Inspiring trip to Jordan leads to a new breast cancer programme in Cameroon

19 September 2019

Ferdinant Mbiydzenyuy, programme manager. Florence Manjuh, nurse and supervisor.

Cameroon Baptist Convention Health Services


Ferdinant Mbiydzenyuy and Florence Manjuh, two cancer professionals from UICC member organisation Cameroon Baptist Convention Health Services. (link is external)



In 2016, after a passionate presentation by Princess Dina Mired, President of the UICC and then Director of the King Hussein Cancer Foundation, it left a lasting impression on me. I saw a gem in the fact that one could learn from those who have already succeeded. So when the opportunity to apply for a UICC Technical Fellowship arose, Florence and I did not hesitate in proposing a study visit to the Jordan Breast Cancer Programme.

Breast cancer in Cameroon is the most frequently occurring cancer among women followed by cervical cancer. Under Florence’s leadership, a strong national cervical cancer screening programme has been established, but very little exists on breast cancer screening due to a lack of equipment (Mammograms) and trained staff (Radiologists and Radiographers).

Florence and I decided to undertake this fellowship visit to learn from the Jordan Breast Cancer programme’s experience and use this knowledge to develop, implement and manage a comprehensive and sustainable breast cancer programme in Cameroon.

Start small, think big

"One of the greatest learnings from the visit was that it takes time to build a strong institution. A key strategy to achieve this is to start small with what is currently available and generate a demand for screening services by raising awareness and promoting self and clinical breast exams. As the demand grows, services can be upgraded and expanded according to the needs of the population."  - Florence Manjuh nurse and supervisor of the Women’s Health Programme at CBCHS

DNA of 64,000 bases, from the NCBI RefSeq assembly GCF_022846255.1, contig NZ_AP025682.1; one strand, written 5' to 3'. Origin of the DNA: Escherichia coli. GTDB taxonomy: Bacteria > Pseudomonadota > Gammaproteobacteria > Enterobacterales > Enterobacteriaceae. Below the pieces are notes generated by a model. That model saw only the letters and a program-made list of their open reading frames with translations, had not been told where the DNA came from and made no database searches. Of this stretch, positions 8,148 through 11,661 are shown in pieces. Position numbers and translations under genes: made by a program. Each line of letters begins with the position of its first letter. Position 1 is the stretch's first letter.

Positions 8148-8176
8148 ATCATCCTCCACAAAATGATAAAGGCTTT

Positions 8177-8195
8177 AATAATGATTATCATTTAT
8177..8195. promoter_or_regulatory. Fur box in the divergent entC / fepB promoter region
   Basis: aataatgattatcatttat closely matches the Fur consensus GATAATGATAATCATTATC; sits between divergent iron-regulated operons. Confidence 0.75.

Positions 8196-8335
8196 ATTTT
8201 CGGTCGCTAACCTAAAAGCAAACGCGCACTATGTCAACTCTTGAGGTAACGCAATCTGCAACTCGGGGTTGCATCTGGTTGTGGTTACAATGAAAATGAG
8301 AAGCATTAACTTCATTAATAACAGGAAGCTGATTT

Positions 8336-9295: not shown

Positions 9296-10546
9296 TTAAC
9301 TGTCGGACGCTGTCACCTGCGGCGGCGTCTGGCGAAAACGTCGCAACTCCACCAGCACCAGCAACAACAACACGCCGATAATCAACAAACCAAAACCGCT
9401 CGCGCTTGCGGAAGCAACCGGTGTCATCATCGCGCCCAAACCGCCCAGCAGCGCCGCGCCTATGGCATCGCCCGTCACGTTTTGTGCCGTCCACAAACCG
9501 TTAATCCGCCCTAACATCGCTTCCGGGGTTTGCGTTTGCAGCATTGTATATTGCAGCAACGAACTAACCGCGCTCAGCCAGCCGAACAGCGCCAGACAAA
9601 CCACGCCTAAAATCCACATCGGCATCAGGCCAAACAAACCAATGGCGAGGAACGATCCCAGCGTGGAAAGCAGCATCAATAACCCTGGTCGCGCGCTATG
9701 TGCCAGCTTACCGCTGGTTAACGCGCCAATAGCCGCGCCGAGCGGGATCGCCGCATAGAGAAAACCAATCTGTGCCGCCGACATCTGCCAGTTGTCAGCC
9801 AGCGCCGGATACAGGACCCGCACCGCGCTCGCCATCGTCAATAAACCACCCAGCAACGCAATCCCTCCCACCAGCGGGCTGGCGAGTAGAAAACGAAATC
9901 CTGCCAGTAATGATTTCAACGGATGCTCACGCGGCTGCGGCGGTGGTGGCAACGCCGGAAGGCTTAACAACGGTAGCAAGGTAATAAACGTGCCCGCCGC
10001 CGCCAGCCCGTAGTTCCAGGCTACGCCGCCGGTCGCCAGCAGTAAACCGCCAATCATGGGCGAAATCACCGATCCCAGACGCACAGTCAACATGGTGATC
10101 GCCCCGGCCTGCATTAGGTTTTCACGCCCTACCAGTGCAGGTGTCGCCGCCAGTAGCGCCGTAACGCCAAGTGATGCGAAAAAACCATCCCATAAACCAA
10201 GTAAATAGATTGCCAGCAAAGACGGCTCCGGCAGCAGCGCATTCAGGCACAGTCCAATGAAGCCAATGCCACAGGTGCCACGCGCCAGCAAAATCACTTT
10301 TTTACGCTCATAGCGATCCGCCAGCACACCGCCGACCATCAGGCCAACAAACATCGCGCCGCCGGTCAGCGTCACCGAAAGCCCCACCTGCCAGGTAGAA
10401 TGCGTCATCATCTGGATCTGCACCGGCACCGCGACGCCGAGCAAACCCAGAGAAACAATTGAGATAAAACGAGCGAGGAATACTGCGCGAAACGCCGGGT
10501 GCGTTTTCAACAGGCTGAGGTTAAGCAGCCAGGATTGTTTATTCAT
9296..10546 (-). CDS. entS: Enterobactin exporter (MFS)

We observed the principles of success demonstrated in the day to day activities of the organisation in Jordan, including team-work, strategy, vision, strong leadership, passion and commitment in addition to several technical tools that were presented and taught with the aim of adapting and using them upon our return home. These acquired skills will go a long way in improving the health of many in Cameroon.

What does the future hold?

My ambitions for both the present and the future are strong. The skills I have learnt from this fellowship are being put to immediate use, to improve current services and also engage in integrating them into CBCHS’s planning process for 2020.

“We will work as a team in the design and implementation of the programme so that the services offered by the Cameroon Baptist Convention Health Services will have an impact on the lives of the people of Cameroon.” Ferdinant Mbiydzenyuy


Florence has an exciting year ahead as she has recently been selected as one of the eight UICC Young Leaders. During this year-long programme, she will attend the 2019 World Cancer Leaders’ Summit in Kazakhstan and the 2020 World Cancer Congress in Oman. She will also participate in a regional activity enabling her to have another opportunity to collaborate with and learn from other cancer organisations. This will be a great chance for her to promote her work and the work of the CBCHS both regionally and globally, and it will be an invaluable experience for the continued growth and success of the CBCHS Breast Cancer Programme.

About the Author

Ferdinant is a programme manager working on non-communicable disease (NCD) prevention and control programme at the Cameroon Baptist Convention Health Services (CBCHS). For the last three years, he has worked tirelessly to make NCD prevention and control a priority through the creation of the Cameroon NCD Alliance.

Florence is a nurse and the supervisor of the Women’s Health Programme at CBCHS which in the last twelve years has screened more than 90,000 women for cervical cancer and over 70,000 women for breast cancer using clinical breast exams.

Last update: 
Thursday 20 August 2020